Geelong were not only forced to battle hard to win the four points from Carlton but their hopes for 2018 dipped after ruckman/forward Esava Ratugolea suffered a broken leg.
The 19-year-old, who was playing just his eighth game, landed heavily on his right ankle and was taken to hospital with a broken tibia and fibula.
The injury occurred just as Carlton were wresting back control from the Cats who had burst out of the blocks with four goals before the Blues scored and looked ominous.
Those early goals not only proved the difference in the end with the final margin just 28 points but the first three goals ticked the obvious script writers boxes too.
The first came from Jamaine Jones on debut who snapped a goal with his first kick, Gary Ablett in his first game at the ground in Geelong colours since 2010 and then milestone man Jordan Murdoch joining in the party with a goal in his 100th game.
At that point the Blues looked set for the second thrashing in quick succession but they were able to regroup, winning centre clearances and setting up well behind the ball, protecting the corridor and slowing Geelongs ball movement.
The Blues all joined in, taking the fizz out of the celebrations and counter attacking with the Ratugolea injury also flattening Geelong.
At times Carltons ball movement was too quick for Geelong who were without veteran defender Harry Taylor, who Aaron Black replaced after Taylor withdrew late with a plantar fascia injury.
The game became ugly with the ball being locked in one end of the ground or the other and the game went without a goal from either team between the 16-minute mark of the first quarter when Carlton kicked their second goal and the 23-minute mark of the second quarter when Geelong kicked their fifth.
Only Carlton midfielder Patrick Cripps and Geelong defender Tom Stewart were rising above the mire with Cripps clearly the best midfielder on the ground despite the reputations surrounding him.
Cripps played a third quarter that was Anthony Koutoufides-like in its dominance, his 12 disposals including 10 contested possessions as he willed his teammates to cause a major upset.
He must mean as much to Carlton supporters at the moment as Allan Border used to mean to Australian cricket fans in the 1980s.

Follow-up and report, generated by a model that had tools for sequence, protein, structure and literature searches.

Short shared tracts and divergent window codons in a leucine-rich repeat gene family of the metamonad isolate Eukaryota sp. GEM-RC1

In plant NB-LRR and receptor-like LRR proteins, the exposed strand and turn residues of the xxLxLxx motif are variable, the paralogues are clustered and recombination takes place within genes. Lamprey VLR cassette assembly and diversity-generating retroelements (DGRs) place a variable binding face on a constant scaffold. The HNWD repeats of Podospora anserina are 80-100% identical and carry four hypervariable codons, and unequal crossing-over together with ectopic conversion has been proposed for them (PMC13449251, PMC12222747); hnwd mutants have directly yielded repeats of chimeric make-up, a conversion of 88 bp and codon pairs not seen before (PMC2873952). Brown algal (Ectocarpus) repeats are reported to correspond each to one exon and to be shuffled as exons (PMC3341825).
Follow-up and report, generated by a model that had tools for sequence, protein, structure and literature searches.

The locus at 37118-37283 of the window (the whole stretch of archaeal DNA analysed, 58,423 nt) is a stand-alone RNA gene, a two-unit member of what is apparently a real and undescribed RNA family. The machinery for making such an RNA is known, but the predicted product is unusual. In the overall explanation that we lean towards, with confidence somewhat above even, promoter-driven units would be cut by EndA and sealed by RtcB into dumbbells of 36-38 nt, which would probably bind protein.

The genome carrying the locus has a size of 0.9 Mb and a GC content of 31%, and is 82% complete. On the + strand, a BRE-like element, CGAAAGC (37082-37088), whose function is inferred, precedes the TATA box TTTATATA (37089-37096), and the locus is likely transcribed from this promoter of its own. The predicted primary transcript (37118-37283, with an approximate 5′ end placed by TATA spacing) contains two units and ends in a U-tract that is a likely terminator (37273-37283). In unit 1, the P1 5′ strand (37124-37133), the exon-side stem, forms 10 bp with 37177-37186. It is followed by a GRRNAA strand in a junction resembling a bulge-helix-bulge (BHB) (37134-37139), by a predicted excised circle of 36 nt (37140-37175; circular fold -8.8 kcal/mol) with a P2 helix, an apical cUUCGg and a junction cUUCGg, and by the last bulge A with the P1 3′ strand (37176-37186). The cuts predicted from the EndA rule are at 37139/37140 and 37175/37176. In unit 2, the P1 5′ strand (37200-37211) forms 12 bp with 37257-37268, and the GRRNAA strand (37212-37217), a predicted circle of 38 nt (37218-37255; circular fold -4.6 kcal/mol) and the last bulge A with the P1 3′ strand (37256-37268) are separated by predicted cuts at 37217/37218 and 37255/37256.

Only Stewart kept the Blues from breaking through, controlling the backline with his intercept marking and it took a brilliant goal from Patrick Kerr from the boundary to break a run of eight consecutive behinds from the Blues.
Carlton just kept coming, creating opportunities but they could not convert, missing several shots for goal when running into unguarded goals.
They were dominating territory and the Cats looked ordinary conceding, as has been their pattern this season, more inside 50s than their opponents.
For all the words written hailing the Cats midfield, the simple truth at the moment is that they look much better on paper than they are playing.
The Blues were not intimidated, happy to harass and niggle their much vaunted opponents and at times Cats players put their egos ahead of the teams needs giving away and reversing free kicks with undisciplined acts.
Only Jack Henry in his first season, Stewart and Mark Blicavs seemed to play the percentages while Carlton kept it simple and worried the life out of Geelong, moving to within nine points midway through the last quarter before Tom Hawkins stood tall to make sure the Cats won with Sam Menegolas last goal brilliant.
Carlton walked away from their first game at the venue for 21 years with their pride while Geelong remains in contention despite being nowhere near their best.
GEELONG 4.0 5.3 7.5 11.7 (73)
CARLTON 2.1 2.7 4.11 5.15 (45)
Goals: Geelong: T Hawkins 3 S Menegola 2 G Ablett J Cunico J Jones J Murdoch P Dangerfield S Crameri. Carlton: C Curnow D Cuningham H McKay M Wright P Kerr
Best: Geelong: Stewart, Henry, Blicavs, Duncan, Dangerfield. Carlton: Cripps, Simpson, Ed Curnow, Fisher
Umpires: Jacob Mollison, Nicholas Foot, Eleni Glouftsis
Official Crowd: 31,090 at GMHBA Stadium
9: Patrick Cripps (Carlton)
8: Tom Stewart (Geelong)
7: Jack Henry (Geelong)
7: Kade Simpson (Geelong)
7: Patrick Dangerfield (Geelong)
Peter Ryan joined The Age in 2017 having covered AFL as a senior reporter with AFL Media.
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